Unfortunately for the nose tackle, Ivory came to the table during an era in which offensive philosophies began to change dramatically in the SEC, from the traditional pro-style power running offenses to the more aerial spread-type offenses. Given his size and strength, alongside of his lack of speed and plodding footwork, Ivory simply wasn't well-suited for defensing the high-powered offenses that began to become prolific. Saban bemoaned the changing times, but grudgingly began to recruit and coach lighter, more fleet-footed defensive linemen to attack the new offenses. Because of this, Ivory became a bit of a dinosaur in Alabama's still-evolving defense, thus ceding playing time to players more suited to the changing nature of the defensive game.

As a result, Ivory only played in five games for Alabama as a senior, accruing 13 tackles during that span along with 0.5 tackle for loss. Ivory also had injury issues that plagued him throughout 2014, thus limiting the impact he could have made if healthy. His shining moment in 2014 came against a likely culprit in run-heavy LSU, a team which continues to run the ball with a stable of backs churning behind a burly offensive line. LSU's offense was tailor-made for Ivory's game, and as a result, he had a season high eight tackles against the Bayou Bengals.

Beyond Alabama

Despite his rather pedestrian statistics over the final year of his Alabama career, because of his size and performance against running offenses, Ivory could enjoy some success in this year's NFL Draft (or in free agency thereafter.) While not among the most highly coveted defensive linemen available this year, Ivory has NFL size and is forecast as a possible seventh round/ free agent possibility in this year's draft. While he is not the most fleet of foot (his 40 time is 5.38), Ivory is rated as the 26th rated defensive tackle (out of 192) available in the draft.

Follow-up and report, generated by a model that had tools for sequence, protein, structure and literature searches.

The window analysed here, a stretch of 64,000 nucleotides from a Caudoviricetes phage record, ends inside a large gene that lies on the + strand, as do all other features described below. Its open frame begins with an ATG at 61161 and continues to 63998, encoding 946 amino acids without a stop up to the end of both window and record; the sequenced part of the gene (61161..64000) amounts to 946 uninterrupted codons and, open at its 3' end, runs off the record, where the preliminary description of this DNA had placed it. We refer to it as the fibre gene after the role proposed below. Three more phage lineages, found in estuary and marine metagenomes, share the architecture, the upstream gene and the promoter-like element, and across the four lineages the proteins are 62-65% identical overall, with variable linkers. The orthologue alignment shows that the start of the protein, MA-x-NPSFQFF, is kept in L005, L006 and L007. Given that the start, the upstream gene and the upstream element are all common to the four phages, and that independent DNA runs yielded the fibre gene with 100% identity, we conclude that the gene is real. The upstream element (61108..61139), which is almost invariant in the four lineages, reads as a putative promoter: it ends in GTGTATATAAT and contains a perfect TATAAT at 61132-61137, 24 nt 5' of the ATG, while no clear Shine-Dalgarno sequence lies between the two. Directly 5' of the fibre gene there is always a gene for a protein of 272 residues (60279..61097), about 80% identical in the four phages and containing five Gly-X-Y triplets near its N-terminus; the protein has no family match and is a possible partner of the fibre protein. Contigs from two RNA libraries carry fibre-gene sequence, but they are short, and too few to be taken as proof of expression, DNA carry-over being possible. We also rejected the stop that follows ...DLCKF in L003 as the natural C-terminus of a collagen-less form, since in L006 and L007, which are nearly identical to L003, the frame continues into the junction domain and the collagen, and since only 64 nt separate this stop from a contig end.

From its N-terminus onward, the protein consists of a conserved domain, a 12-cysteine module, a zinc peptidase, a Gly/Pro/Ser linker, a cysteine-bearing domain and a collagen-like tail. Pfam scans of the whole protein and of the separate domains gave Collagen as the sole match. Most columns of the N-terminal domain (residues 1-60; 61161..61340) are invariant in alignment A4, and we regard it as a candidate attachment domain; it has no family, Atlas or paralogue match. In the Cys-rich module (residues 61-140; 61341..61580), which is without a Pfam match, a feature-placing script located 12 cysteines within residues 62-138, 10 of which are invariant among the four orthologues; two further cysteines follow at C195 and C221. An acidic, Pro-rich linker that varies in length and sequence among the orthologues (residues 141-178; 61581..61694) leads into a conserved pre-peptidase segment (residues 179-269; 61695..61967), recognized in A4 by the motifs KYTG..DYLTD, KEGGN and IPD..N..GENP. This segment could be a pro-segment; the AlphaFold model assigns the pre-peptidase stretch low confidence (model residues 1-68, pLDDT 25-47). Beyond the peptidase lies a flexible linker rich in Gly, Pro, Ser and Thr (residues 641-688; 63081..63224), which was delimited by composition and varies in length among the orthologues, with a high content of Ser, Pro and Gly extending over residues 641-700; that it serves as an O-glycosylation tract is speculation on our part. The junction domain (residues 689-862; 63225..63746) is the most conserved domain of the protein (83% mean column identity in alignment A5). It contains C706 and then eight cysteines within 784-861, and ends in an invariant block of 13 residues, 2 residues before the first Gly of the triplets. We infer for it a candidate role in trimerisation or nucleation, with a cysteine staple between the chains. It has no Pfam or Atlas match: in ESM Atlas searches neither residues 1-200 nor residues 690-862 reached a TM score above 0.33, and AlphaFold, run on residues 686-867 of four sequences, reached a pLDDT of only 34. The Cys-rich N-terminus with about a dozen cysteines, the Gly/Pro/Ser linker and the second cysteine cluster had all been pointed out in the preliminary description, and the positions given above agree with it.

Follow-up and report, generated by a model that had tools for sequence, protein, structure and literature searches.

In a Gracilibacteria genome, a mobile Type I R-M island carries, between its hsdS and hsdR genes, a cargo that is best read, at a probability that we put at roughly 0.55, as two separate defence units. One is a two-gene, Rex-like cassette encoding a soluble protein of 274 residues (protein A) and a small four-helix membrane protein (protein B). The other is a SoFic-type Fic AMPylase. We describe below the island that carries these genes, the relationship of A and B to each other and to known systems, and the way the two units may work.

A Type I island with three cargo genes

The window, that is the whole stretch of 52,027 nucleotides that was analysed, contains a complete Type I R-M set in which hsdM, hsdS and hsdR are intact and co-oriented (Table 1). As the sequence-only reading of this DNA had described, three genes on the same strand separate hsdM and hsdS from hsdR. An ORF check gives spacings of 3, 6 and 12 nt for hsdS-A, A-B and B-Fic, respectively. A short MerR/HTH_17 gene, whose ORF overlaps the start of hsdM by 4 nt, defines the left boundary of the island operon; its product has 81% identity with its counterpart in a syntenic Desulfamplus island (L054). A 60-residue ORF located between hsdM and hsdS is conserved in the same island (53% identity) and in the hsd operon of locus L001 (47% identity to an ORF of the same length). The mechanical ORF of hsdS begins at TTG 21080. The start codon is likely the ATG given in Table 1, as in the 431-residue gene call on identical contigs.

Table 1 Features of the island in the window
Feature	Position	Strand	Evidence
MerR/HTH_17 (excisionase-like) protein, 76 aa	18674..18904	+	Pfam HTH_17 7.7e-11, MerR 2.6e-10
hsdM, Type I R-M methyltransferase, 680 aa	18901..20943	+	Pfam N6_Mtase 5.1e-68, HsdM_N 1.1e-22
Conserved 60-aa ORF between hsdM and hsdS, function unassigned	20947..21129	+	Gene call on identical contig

Rob Rang of said that Ivory "has the prototypical squatty frame for a defensive tackle with good power and surge...however he has average lateral agility, balance and speed..." He indicated that while Ivory could make a good situation tackle for some NFL teams, he is a "one-trick pony" as a block eater and run stuffer.

Though Ivory didn't necessarily see his career ended in the way he had hoped, he did get a chance to play on a team that won two national championships in his tenure at Alabama, with a shot at the third in the recent College Football Playoffs. With any luck (and a good combine), Ivory could see his playing days extended as an interior lineman in the League.